If you’re eating out with friends who are Muslims, it would be polite to suggest foods or restaurants that are halal. Look for the ‘Halal’ logo to be sure if a restaurant is compliant to Islamic laws.

8. Know where to drink and dance 

As with pork, Islamic laws prohibit alcohol, which can make it a rare commodity in some Muslim countries. Muslims may not drink, but they are accommodating to tourists who do. Alcohol is easily found in touristic areas and parts of town with a non-Muslim majority. In fact, Egypt and Jordan even manufacture their own beer. In multi-ethnic, multi-religious countries like Malaysia and Indonesia, alcohol can be found in many bars, restaurants and hotels, and are consumed openly though not necessarily by local Muslims.

As for clubs and bars, you might be surprised to know that cosmopolitan cities like Kuala Lumpur, Jakarta, Beirut, Cairo, and Istanbul have some of the most lively night scene. The trick is to know which parts of town drinking and dancing are acceptable, and which parts of town to party indoors.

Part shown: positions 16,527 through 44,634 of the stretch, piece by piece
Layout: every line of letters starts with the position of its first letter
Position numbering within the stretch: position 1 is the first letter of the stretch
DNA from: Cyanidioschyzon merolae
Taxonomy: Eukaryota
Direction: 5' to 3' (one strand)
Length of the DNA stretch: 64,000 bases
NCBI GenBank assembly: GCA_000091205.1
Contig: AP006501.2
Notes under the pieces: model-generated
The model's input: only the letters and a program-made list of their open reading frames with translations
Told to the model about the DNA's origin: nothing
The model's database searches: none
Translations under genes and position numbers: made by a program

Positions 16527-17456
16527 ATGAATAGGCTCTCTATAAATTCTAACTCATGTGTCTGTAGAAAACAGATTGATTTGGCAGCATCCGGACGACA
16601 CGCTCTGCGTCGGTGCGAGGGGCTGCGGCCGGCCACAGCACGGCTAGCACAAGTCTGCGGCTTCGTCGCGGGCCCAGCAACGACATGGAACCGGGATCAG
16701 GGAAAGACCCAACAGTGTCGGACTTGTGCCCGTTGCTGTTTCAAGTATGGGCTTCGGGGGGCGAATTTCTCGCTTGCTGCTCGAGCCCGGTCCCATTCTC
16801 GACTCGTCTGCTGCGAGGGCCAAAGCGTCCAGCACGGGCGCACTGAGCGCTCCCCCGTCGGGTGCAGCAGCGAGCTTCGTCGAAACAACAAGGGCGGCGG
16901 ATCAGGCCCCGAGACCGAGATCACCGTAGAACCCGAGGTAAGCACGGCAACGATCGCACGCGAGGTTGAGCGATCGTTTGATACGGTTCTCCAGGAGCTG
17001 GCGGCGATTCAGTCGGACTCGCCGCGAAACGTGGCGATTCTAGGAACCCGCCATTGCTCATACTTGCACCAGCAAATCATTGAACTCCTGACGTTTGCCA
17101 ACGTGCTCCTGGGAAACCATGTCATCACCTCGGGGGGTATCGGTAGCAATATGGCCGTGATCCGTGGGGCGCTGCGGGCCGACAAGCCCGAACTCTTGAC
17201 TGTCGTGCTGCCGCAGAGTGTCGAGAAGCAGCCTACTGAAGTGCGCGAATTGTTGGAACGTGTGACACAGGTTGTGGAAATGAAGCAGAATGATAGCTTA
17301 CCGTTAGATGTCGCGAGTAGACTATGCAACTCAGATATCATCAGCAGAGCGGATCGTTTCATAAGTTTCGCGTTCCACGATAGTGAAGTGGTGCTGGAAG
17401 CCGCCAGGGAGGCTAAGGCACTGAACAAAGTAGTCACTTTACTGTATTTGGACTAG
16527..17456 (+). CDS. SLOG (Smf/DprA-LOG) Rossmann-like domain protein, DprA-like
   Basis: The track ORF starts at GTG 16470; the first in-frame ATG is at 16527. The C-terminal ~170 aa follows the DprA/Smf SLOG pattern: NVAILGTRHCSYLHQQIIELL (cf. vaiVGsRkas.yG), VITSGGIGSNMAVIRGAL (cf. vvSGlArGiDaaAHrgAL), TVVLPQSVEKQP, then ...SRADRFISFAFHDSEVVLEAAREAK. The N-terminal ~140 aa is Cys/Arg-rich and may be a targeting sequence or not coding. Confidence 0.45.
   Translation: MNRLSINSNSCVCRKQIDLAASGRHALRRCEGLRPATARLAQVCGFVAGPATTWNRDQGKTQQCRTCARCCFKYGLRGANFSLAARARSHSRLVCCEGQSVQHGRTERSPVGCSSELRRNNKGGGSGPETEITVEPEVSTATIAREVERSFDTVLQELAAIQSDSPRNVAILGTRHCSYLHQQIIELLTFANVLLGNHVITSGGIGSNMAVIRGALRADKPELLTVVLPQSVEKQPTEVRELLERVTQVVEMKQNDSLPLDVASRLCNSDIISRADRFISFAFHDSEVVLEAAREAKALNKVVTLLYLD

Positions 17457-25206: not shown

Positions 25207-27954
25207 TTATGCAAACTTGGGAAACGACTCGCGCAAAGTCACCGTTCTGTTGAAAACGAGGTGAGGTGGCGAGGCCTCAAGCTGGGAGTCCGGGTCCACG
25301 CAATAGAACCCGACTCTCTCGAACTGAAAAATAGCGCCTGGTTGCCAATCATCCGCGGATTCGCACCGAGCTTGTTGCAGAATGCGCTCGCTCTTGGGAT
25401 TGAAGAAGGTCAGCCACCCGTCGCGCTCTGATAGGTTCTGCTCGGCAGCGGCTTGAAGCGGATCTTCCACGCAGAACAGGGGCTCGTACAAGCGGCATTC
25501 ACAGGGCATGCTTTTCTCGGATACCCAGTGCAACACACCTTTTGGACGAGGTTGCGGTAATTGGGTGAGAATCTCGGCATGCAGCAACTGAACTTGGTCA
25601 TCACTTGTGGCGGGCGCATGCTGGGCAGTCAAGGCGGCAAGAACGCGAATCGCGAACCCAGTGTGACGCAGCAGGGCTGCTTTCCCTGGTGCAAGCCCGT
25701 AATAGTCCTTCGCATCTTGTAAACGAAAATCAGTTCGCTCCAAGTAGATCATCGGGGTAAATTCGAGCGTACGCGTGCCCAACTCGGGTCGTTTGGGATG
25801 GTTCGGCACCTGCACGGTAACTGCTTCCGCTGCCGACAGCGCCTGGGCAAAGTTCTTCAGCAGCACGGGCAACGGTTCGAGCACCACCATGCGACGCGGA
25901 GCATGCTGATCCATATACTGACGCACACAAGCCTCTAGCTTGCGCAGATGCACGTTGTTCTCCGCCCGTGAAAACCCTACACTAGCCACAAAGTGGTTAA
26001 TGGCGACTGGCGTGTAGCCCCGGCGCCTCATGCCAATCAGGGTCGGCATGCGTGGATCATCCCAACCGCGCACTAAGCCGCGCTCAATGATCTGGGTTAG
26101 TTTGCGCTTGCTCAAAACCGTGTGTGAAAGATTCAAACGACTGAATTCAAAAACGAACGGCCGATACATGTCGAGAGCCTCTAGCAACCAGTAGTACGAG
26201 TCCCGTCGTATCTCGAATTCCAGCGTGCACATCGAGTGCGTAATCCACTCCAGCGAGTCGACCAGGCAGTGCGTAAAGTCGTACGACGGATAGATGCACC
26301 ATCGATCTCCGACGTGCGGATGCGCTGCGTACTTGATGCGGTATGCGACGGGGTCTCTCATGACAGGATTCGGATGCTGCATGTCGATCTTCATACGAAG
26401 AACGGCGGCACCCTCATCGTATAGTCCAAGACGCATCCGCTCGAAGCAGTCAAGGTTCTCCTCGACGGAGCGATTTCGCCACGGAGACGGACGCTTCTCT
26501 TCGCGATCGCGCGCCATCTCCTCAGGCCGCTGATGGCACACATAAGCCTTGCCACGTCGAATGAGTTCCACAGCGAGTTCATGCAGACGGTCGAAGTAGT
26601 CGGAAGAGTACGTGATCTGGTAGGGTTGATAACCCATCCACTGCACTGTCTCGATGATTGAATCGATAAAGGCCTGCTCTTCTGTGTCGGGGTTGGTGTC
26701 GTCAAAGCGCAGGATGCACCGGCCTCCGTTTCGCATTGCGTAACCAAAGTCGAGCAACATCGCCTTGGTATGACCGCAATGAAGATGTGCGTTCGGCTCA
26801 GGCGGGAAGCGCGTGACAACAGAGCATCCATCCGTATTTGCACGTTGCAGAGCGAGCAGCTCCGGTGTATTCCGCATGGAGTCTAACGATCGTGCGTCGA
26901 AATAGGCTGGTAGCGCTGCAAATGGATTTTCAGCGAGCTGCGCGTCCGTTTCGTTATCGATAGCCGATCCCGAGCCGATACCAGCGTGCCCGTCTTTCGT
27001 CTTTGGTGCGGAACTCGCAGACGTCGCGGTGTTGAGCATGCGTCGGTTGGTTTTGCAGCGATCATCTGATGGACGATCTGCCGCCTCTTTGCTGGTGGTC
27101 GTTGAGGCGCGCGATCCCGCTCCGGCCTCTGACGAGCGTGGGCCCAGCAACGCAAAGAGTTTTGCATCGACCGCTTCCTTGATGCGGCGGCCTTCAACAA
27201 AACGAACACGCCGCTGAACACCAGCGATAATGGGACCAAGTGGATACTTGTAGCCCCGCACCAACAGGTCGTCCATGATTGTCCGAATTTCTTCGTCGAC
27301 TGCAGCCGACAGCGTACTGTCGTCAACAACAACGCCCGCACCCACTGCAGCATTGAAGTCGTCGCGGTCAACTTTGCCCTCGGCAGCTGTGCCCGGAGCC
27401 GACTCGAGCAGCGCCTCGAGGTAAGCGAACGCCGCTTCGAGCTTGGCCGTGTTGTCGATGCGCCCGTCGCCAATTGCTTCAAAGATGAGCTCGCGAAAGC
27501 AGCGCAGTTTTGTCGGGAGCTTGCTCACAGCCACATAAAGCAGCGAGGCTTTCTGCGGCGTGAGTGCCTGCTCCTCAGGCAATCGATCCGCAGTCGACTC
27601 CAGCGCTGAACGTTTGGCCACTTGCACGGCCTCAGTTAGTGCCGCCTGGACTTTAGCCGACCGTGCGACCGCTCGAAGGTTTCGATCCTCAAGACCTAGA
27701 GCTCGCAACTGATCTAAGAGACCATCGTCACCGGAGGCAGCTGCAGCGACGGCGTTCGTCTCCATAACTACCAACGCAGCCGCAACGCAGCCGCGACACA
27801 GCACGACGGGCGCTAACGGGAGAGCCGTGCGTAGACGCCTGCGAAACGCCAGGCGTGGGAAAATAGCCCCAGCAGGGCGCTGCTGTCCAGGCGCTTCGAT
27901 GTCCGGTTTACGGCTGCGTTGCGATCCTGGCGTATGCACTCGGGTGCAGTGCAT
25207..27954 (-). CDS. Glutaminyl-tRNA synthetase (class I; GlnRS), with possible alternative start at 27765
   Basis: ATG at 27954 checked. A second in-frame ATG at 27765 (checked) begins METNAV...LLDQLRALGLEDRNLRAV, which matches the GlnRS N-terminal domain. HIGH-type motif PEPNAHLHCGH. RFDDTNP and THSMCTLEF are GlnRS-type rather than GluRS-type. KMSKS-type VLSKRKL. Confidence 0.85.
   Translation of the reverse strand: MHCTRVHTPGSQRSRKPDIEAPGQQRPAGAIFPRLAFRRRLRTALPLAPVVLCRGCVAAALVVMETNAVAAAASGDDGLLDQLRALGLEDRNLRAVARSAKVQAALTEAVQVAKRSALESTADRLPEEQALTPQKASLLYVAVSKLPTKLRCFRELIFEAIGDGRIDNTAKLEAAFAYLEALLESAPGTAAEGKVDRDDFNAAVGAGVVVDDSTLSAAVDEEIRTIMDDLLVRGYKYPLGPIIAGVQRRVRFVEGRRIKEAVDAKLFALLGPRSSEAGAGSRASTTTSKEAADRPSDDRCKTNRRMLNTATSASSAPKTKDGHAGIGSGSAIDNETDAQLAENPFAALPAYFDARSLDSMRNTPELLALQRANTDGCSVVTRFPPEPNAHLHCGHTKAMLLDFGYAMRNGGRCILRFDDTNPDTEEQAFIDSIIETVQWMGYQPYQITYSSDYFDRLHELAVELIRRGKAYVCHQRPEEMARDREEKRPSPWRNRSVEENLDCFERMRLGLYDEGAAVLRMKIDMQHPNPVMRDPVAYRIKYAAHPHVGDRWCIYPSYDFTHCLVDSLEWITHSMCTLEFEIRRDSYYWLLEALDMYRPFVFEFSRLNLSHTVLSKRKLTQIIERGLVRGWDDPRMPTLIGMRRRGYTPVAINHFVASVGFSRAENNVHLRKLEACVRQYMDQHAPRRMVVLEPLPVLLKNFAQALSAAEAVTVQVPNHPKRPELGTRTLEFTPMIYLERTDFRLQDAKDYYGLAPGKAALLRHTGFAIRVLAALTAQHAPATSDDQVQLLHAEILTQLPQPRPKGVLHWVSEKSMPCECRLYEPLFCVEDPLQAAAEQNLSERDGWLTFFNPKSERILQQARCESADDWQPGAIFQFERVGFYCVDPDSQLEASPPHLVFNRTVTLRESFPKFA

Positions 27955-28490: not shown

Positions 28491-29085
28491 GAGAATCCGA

Nonetheless, be conscious when inviting a Muslim friend or colleague for drinks at a bar. You might not want to bring wine or beer to a Muslim’s home. Though some liberal Muslims do consume alcohol, it is safer to assume that they do not. 

9. Rethink the bikinis 

Women dressed for Eid watch as hundreds of Somalis play at Lido beach in Mogadishu, Somalia. (Pic credit: United Nations Photo/Flickr)
Women dressed for Eid watch as hundreds of Somalis play at Lido beach in Mogadishu, Somalia (Pic credit: United Nations Photo/Flickr)